Friday June 14, 2013 0 commentsFORT COLLINS - A Colorado State University-led study of U.S. patents involving human genes indicates the recent U.S. Supreme Court ruling that the genes cannot be patented by companies will likely have less impact than originally anticipated.
CSU said one result of the study released about a month before the court's June 13 decision is that there are fewer U.S. gene patents - particularly the kinds challenged in the court case - than prior analyses had suggested.
"We caution that some of the hype and drama surrounding this case may be unwarranted and that, if overturned, the impact is unlikely to be devastating to the interests of the biotechnology industry," said CSU Professor Gregory Graff, who worked with a team of researchers at the University of Minnesota and Pennsylvania State University in analyzing the patents.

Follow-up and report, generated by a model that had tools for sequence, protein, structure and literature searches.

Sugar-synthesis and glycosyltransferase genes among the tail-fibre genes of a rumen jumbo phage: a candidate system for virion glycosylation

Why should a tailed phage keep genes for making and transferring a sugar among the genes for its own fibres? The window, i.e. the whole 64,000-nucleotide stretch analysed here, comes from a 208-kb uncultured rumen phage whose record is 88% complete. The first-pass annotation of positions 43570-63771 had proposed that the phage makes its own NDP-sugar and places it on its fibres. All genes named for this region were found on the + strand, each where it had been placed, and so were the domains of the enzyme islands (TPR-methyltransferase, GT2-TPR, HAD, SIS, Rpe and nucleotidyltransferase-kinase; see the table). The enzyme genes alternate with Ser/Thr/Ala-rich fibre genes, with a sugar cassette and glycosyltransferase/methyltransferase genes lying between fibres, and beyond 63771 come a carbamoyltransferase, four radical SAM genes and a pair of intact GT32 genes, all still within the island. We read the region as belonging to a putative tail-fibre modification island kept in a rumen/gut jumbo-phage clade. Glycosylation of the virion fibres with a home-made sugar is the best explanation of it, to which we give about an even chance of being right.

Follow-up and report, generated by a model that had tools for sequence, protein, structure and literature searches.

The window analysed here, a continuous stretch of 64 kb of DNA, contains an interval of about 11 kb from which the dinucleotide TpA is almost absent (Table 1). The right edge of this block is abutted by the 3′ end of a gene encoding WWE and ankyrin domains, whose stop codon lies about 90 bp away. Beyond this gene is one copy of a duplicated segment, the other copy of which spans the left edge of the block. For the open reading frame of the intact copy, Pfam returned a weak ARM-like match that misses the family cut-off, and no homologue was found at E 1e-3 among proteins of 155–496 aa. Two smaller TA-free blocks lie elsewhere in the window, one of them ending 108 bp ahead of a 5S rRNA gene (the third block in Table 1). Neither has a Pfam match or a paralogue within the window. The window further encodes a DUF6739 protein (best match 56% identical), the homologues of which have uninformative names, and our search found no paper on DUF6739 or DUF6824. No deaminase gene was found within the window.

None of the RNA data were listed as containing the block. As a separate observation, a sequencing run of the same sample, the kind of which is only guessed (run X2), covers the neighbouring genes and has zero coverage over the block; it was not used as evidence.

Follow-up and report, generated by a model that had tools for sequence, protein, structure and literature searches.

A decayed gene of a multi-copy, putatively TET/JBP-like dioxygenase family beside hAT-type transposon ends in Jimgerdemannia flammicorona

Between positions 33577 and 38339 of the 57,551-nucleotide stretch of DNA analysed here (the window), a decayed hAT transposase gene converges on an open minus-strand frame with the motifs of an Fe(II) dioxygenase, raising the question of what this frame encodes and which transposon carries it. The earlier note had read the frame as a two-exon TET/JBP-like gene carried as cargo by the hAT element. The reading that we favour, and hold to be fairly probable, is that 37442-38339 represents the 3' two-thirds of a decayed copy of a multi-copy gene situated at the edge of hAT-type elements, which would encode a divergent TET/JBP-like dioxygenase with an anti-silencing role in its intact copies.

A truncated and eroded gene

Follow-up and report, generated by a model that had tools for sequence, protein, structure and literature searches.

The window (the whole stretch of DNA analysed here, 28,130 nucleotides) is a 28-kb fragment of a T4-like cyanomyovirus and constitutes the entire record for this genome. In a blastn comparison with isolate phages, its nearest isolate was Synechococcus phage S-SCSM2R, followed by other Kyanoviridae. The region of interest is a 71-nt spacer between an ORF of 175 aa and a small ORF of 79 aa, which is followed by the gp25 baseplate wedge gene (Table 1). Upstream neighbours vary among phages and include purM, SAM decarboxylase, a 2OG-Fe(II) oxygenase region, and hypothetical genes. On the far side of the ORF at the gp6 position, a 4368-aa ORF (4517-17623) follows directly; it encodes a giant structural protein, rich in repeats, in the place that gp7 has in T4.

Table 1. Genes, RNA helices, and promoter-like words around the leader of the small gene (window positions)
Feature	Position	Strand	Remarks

Graff's paper, "Not Quite a Myriad of Gene Patents: Assessing the Potential Impact of the U.S. Supreme Court on the Changing Landscape of U.S. Patents That Claim Nucleic Acids," was published in Nature Biotechnology in May.
Plaintiffs in the Myriad Genetics case had sought a court opinion on whether an isolated DNA molecule with a natural genetic sequence from a human genome should be considered eligible for a patent.
The court ruled Thursday that a naturally occurring piece of DNA is "a product of nature and not patent eligible merely because it has been isolated."
"Our intention was to give some sort of measure to the potential legal and commercial implications of what is squaring up to become a landmark patent case, one of the most significant Supreme Court cases in the biological sciences for decades," Graff said.
The study was the first to draw upon a new and massive compilation of patents related to genetics and genomics.
According to the study, 59 percent of the patents impacted by the court's decision claim sequences from non-human species.
The full paper can be viewed at http://www.nature.com/nbt/journal/v31/n5/full/nbt.2568.html.